Where Did I Dump My Brain?

Home

This post was originally published on my Postach.io blog on December 9th, 2014

I have many places where I store information, and my biggest problem is remembering in which “container” I dropped a thought/snippet:

An app called CloudMagic used to let me do a global search of nearly all of the above apps, but it unfortunately pivoted and and no longer offers that service, so now I have to figure out where I dumped my brain. I sort of have a system, but it’s not reliable enough for me to always know where my data is.

Dropbox

This is where I store all my mp3s (which I sync with iTunes); any text or XML files that sync with an iOS writing or list-making app; image assets for Sasstrology that I share with team members.

I used to use Dropbox-compatible iOS apps (or nvAlt) to store thoughts, but because I kept changing apps, I decided to dump pretty much any thoughts into…

Evernote

This is where I store bills (which I sync with FileThis); just about any PDF; scanned documents; notes about conversations or phone calls; webclips using the Evernote web clipper; and stuff that I save via IFTTT, like images from my daughter’s art Instagram account.

Right now, Evernote is my main brain dump. I’m even blogging from it. And I’ve pretty much abandoned Paperless as my list-making app, and just add my groceries to a note as a checkbox list. Evernote is everywhere I go (iPhone; iPad; desktop; web).

Pinboard

This is where things get tricky. I use Pinboard for bookmarks, but I’m not certain about my decision-making process regarding when I bookmark a web page versus clip it for Evernote. Receipts, I clip; articles that I don’t necessarily want to “read later” (Instapaper), I bookmark (like CSS tutorials). But if I find a technical solution to a problem, I might just clip that snippet for Evernote instead of bookmark it.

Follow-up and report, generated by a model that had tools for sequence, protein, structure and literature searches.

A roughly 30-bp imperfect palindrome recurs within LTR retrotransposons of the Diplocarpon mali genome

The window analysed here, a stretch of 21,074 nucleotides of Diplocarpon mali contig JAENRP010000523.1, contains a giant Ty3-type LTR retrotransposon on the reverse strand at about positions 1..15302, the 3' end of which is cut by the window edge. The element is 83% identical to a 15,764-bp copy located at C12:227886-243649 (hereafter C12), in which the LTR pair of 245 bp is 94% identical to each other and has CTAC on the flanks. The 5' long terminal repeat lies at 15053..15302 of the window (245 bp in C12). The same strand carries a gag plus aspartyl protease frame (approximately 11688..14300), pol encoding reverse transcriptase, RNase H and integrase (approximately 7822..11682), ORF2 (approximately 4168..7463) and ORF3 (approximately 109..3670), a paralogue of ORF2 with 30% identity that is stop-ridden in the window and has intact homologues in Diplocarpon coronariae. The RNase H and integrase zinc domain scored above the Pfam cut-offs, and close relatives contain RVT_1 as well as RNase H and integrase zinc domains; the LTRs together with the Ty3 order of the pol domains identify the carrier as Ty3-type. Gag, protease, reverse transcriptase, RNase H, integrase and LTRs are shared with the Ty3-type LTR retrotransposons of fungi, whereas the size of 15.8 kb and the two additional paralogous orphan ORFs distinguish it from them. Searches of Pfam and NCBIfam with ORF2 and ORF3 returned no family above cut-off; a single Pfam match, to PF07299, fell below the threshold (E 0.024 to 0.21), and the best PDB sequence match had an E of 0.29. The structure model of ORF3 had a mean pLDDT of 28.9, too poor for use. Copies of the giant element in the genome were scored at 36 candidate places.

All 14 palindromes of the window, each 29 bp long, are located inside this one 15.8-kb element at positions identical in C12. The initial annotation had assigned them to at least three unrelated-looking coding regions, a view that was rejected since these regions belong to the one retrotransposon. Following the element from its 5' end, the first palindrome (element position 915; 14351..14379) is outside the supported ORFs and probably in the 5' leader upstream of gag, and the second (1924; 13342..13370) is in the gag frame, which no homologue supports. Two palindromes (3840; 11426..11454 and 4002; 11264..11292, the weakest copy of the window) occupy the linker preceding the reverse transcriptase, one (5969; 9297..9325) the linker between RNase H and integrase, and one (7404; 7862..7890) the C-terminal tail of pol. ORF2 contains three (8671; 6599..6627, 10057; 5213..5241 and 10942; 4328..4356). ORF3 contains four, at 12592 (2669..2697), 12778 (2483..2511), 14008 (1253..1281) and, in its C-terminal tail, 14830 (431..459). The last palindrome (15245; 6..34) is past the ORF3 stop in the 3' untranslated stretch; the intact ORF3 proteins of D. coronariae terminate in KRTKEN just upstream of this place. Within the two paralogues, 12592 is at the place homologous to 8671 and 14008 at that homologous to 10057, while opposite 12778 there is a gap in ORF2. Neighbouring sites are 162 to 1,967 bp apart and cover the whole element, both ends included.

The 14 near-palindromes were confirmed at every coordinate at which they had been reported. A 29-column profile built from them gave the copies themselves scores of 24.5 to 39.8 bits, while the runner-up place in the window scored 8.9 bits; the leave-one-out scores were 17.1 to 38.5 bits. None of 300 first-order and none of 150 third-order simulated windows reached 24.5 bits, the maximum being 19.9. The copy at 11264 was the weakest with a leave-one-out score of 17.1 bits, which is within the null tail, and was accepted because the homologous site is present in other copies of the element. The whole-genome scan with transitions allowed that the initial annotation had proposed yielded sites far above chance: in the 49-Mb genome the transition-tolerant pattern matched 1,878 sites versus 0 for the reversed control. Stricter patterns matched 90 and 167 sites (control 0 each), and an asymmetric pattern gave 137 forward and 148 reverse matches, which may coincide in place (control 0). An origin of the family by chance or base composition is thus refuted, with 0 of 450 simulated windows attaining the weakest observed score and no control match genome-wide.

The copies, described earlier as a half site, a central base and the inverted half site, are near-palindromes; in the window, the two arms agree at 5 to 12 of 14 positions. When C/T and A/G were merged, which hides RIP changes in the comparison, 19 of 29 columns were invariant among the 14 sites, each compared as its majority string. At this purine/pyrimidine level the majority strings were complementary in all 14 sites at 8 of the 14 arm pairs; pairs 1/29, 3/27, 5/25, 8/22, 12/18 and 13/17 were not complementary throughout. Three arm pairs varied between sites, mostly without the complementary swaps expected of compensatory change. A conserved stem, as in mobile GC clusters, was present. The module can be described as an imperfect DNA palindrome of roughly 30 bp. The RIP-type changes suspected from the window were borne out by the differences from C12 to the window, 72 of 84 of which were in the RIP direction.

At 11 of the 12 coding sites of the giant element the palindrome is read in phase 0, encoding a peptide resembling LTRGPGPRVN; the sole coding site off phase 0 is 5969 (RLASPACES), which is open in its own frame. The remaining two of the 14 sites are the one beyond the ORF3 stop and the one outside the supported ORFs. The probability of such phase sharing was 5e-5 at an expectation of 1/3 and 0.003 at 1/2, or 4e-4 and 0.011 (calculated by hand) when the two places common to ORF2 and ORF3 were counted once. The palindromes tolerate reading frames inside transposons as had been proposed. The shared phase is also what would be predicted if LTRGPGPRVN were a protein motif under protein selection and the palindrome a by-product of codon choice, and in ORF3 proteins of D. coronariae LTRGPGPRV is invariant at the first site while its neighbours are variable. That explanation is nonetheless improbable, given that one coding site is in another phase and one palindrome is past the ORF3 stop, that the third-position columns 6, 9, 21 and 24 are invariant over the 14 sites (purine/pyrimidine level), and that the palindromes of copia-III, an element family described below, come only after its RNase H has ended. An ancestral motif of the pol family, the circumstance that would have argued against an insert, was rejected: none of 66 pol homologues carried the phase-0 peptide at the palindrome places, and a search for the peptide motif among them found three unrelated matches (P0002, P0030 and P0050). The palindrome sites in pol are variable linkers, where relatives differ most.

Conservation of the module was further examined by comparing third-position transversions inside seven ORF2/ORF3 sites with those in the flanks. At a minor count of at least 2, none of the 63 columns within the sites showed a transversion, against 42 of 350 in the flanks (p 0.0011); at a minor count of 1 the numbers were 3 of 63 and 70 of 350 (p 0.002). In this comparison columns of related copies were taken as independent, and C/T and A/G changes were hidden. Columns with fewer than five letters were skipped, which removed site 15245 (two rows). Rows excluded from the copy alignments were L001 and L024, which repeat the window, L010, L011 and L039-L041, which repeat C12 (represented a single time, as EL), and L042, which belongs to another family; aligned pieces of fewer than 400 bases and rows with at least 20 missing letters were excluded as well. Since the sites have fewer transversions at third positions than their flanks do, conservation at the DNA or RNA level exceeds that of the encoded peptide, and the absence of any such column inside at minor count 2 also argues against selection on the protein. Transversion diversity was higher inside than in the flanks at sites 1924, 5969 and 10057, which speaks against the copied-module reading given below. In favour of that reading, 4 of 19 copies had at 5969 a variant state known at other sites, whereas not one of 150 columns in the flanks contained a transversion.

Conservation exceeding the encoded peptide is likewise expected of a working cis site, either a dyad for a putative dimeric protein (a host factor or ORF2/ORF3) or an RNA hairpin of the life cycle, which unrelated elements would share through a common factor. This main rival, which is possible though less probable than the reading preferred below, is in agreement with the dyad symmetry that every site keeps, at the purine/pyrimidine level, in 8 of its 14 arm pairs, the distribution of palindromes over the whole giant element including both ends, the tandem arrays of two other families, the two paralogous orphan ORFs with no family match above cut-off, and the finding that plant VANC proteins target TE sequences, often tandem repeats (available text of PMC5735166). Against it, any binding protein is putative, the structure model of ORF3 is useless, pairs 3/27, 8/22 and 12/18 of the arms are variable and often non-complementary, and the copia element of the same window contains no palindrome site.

I used to use IFTTT to store all my Pinboard bookmarks in Evernote, but I felt overwhelmed by the noise every time I opened Evernote and saw lots of new notes that were not immediately relevant, so I discontinued that IFTTT recipe.

Sometimes I bookmark an article I liked that I will likely never read again, but I tag it just in case I want to share it with someone in the future.

One unnecessary redundancy is that I’m paying for a premium Pinboard account to archive all my bookmarks. I could just as easily clip these articles to Evernote, but once again, I don’t want the noise. I guess I want notes in Evernote to be relevant to my life – either information I know I will need shortly, or PDFs that I know I will want accessible in case the need arises. Nothing I save in Pinboard is absolutely essential – more like “nice to have so that I don’t have to search for that information in Google again.”

One minor downside of Pinboard is that it’s just run by one guy. Once in a while I export all my bookmarks as an XML file and upload it to a backups folder in Dropbox, so that if Pinboard sunsets, I’ll still have all my data.

Email

I take for granted the archive function in email, now that storage is virtually limitless. Sometimes when I need to find an old correspondence, I’ll just do a search in Gmail or Fastmail. But if I get an email receipt, I’ll often forward it to Evernote.

See the problem? If I had just one place to store everything, I wouldn’t have to remember where I put something. As it is, I have to figure out how my mind works so that I can search the correct place, and if it’s not there, I need to go to the second-most-likely service, and so on.